In McClelland book 'The Achieving Society', we study about his acquired needs theory. He describes that an individual's specific needs can be achieved at some time and can be shaped on the basis of life experiences of individuals. The three types of motivational need McClelland had purposed. An individual motivation and effectiveness in specific job functions are affected on the basis of these three needs.
The each individual is 'achievement motivated' and hence seeks in achieving, attaining the realistic but dynamic goals, and development in the job. There is a strong need for providing the answer for achieving and progress, and a demand for a sense of accomplishing. People who have greater demand and need for achievement tends to excel and thus be aware and avoid the both low-risk and high-risk environment. People who tend to avoid low-risk situations as they can easily attain goal and it is not a real achievement. In high-risk situation people see the result of the chance rather than theirs own effort. High n-ach person prefers in the job that has a moderate probability of success such as 50% chance. They like in working alone or with other achievers that perform high.
The individual is 'authority motivated'. This driver helps the individual by creating the needs that are influential, effective and to make an impact in the organization and themselves. There is a powerful need for leading and for their ideas for prevailing. There includes the motivation and need which helps in increasing individual status and prestige. A person's power is divided into two types such as personal and institutional. Those who require personal power can direct others, and this need can be perceived as undesirable. Individual that requires the institutional as known as social power tries to organize the efforts of others people for achieving the further the objective of the business. Managers with a greater need for social power become more effective than those people that tend to require a greater need for personal power.
The n-affil individual is 'affiliation motivated', and has a demand and want for friendly relationships between the people along with the effective interaction after being. They need close relationships with other people and feel that they are accepted by other people. The affiliation driver enhances motivation and needs to be respected and liked. These persons include the team players. They conform norm of their work team to whom they show their performance. High n-affil people work in the company that tends to provide significant personal interaction. They show their performance in the customer service and client interaction situations.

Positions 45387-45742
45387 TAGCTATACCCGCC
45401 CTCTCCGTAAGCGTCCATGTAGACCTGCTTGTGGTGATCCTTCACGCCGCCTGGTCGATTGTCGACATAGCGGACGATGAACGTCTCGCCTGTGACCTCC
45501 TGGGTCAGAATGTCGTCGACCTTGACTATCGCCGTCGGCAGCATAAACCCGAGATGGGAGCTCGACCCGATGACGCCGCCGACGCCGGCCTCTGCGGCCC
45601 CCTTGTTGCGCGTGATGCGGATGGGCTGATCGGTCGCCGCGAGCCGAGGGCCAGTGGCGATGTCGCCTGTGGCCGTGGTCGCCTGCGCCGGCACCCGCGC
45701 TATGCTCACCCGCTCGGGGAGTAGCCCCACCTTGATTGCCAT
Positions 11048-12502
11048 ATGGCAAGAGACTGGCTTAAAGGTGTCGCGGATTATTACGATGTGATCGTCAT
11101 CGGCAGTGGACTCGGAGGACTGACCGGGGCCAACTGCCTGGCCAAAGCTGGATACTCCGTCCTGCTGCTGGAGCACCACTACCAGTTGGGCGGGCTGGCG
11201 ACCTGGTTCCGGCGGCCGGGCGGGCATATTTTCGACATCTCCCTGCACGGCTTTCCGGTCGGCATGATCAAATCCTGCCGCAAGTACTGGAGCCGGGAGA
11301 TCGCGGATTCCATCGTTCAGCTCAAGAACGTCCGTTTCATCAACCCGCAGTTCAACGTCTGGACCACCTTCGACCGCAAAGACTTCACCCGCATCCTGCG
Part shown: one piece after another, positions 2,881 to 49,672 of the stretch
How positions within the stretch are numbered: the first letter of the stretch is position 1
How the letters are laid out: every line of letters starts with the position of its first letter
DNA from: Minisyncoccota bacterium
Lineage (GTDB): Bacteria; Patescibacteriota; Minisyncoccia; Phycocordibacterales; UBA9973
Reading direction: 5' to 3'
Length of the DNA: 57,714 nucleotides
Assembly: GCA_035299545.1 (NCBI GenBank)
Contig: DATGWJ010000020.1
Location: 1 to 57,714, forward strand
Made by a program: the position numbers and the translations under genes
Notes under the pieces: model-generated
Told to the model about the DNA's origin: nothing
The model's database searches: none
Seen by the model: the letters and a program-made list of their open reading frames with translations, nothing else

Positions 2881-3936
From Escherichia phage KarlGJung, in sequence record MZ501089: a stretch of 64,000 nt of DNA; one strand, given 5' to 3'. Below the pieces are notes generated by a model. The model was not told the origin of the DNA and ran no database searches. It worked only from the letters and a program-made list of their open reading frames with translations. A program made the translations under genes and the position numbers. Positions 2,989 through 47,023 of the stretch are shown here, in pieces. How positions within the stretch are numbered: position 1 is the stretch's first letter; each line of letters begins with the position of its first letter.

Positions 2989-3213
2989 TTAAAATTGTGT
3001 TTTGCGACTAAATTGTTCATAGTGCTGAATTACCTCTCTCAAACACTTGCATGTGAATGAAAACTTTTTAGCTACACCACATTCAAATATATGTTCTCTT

McClelland's needs theory defines that people acquire the combination of these characteristics. Some person has a strong bias for particular motivational needs and this motivational which is 'mix' consequently, have impact on the behaviour and working/managing style.McClelland’s achievement motivation theory argues that a powerful 'affiliation-motivation' develops towards the goal of managers due to their need and has impact on the decision-making ability of managers. A powerful 'authority-motivation' generates the work ethic and commitment to the company, and while persons are determined for the role of the leadership, they lack ability for possessing the required flexibility and people-oriented skills.McClelland's motivation theory defines that the persons that have powerful 'achievement motivation' tend to be the best leaders, although there may arise the tendency for need too much of their workers in the expectation that people are oriented to the achievement motivation and results driven, which of course most people are not.
The important role of the equity theory is the way or method of balance or equity. As per this motivation theory, a single people motivation level is directly related to his perception of equity, fairness and justice practised by the organisation. Greater the individual’s view of fairness, higher will be the level of the motivation and vice versa. While determining fairness, worker compares in the way of contribution to result such as compensation and also compares the peer of equal method. The output-input ratio is the method that is used for making such a comparison.